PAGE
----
The Council for People’s Development and Governance condemns the accusations made against the Rural Missionaries of the Philippines (RMP) that it is channeling funds for so-called terrorist activities of the Communist Party of the Philippines – New People’s Army (CPP-NPA), and the charges made against 16 individuals. Among these are four catholic nuns; Sr. Emma Cupin, Sr. Susan Djolde, Sr. Ma. Fatima Somogod, and Sr. Mary Jane Caspillo.
This is not the first time that RMP has been red-tagged. Last 2020, the Philippine government froze their bank accounts for alleged terrorist financing. The government’s Anti-Money Laundering Council (AMLC) ordered a 20-day freeze on three RMP accounts with the Bank of the Philippine Islands.
In 2019, the government filed charges against three RMP leaders; perjury against 80-year-old Good Shepherd nun Elena Belardo; arson, kidnapping, and robbery against 63-year-old Sister Emma Teresita Cupin of the Missionary Sisters of Mary congregation; and “frustrated murder” against 74-year-old lay worker Angie Ipong.
Former President Rodrigo Duterte, in 2018, personally ordered the deportation of Australian nun Patricia Fox who had served farmers and farm workers in the Philippines for 27 years.
RMP has an established track record of genuine service to peasants, farm workers, fisherfolk, and indigenous peoples, specifically, education (i.e., in Lumad Schools), health programs, including agrarian services and development. These services were made available to augment the lack of government services for rural people.
These attacks occur even after the strong call to the new government to be independent in taking stock of the previous administration’s poor compliance with its human rights commitments. Civil society is among many that have appealed to the current government to rejoin the International Criminal Court, and scrap the Anti-Terrorism Act of 2020 and Executive Order 70 which created the National Task Force to End Local Communist Armed Conflict (NTF-ELCAC). Since its creation, the NTF-ELCAC has actively been targeting development, human rights, and humanitarian NGOs.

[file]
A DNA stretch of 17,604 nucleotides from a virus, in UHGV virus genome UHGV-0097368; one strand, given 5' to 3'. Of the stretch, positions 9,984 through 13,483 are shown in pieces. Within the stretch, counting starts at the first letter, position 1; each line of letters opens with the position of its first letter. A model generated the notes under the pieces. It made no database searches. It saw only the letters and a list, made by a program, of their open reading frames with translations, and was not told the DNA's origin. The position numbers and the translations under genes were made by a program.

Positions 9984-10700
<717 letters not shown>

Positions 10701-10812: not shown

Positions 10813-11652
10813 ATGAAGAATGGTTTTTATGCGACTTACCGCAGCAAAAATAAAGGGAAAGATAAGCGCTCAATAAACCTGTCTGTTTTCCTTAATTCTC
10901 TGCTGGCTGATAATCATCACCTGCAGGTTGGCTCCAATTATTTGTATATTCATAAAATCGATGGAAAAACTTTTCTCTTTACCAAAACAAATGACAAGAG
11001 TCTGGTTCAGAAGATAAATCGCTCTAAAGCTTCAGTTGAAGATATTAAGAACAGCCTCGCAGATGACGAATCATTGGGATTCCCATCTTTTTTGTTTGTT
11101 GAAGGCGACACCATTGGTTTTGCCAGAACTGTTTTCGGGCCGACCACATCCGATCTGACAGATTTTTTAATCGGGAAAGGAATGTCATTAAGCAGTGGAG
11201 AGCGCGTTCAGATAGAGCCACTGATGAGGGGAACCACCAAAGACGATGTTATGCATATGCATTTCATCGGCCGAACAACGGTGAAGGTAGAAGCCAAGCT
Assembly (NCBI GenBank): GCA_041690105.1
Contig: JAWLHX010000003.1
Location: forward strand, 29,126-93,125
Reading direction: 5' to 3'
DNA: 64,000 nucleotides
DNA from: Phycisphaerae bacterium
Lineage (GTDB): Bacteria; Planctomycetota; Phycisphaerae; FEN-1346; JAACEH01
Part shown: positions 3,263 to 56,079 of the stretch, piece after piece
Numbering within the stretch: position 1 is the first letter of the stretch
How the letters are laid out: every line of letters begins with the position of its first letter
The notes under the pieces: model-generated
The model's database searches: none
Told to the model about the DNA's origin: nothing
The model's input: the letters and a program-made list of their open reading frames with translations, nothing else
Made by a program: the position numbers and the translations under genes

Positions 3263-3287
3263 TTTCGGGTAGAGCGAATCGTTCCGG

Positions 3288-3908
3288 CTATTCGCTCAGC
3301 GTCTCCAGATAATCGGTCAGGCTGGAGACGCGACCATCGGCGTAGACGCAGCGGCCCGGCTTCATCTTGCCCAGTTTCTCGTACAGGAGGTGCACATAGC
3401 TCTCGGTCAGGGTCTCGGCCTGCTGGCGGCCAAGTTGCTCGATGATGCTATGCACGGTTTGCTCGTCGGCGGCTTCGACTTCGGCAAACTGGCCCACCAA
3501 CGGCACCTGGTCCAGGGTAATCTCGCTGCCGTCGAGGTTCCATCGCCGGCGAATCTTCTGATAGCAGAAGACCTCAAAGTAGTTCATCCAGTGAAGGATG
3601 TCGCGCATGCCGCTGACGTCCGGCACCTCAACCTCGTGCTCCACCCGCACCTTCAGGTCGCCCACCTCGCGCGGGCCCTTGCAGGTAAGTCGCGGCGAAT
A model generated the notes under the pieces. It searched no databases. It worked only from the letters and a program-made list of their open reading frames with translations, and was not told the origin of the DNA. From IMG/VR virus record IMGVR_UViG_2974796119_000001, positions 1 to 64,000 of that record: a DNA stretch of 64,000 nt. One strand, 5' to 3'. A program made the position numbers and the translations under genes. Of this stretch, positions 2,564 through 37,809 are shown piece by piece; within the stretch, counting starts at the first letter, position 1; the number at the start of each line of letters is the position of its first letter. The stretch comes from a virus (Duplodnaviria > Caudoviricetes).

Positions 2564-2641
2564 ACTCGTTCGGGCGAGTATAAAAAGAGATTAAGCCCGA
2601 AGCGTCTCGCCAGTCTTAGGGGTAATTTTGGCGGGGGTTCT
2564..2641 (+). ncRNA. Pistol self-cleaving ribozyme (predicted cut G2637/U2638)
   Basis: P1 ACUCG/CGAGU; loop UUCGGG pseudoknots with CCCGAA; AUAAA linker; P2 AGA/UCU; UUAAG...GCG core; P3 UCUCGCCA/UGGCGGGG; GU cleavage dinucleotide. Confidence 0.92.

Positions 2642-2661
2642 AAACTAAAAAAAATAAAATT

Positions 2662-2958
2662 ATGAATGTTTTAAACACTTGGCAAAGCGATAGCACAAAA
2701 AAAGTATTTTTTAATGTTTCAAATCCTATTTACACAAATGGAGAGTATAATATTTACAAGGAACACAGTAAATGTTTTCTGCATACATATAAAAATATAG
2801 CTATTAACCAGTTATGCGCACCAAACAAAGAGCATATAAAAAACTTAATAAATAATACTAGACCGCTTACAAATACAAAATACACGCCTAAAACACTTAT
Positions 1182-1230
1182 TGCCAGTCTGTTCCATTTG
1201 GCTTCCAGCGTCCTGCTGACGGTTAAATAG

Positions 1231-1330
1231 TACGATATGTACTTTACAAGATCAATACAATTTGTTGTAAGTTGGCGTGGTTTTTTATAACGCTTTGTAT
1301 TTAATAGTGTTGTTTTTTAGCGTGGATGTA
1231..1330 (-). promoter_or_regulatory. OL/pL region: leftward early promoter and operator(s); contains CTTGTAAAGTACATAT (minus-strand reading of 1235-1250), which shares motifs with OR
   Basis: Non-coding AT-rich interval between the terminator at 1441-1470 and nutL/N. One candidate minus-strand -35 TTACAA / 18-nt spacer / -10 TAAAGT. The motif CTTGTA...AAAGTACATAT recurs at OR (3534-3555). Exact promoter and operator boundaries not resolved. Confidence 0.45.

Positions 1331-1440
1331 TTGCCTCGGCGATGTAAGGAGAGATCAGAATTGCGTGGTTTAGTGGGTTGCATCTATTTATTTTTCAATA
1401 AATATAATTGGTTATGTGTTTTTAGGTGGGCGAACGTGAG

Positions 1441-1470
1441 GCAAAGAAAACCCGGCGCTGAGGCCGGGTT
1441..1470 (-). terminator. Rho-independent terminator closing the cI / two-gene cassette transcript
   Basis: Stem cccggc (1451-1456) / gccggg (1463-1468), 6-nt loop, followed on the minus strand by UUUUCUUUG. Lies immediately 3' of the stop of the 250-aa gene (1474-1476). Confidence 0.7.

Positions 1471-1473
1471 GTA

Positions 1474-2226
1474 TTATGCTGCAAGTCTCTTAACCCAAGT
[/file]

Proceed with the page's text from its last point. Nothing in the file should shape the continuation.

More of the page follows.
The continuing attacks on civil liberties, especially those critical of the government’s policies, inhibits people’s rights to democratic participation in governance, their right to development, and the exercise of their constitutionally guaranteed rights and freedoms, including their right to association, right to assemble and freely express their opinions and grievances.
CPDG stands with RMP to condemn these malicious attacks. Rural missionaries have faithfully witnessed God’s love for the poor in under-served communities throughout the Philippines for more than 53 years. It has long upheld people’s rights and welfare and delivered development and humanitarian assistance to disadvantaged communities and marginalized sectors.
CPDG likewise strongly condemns the attacks on other CSOs like Amihan National Federation of Peasant Women, the Leyte Center for Development, Citizens Disaster Response Center, Panay Fair Trade Center, and Center for Environmental Concerns, among many other CSOs. These CSOs have long been serving grassroots communities.
We call on the government to honor its commitments to the OECD-Development Assistance Cooperation (OECD-DAC) principles, enabling civil society to contribute and realize further their full potential in helping realize the 2030 Agenda for eradicating poverty and inequality towards genuine and ecologically sustainable development of the country and its people.###
#StandWithRMP #NoToRedTagging #YesToLovingOurNeighbors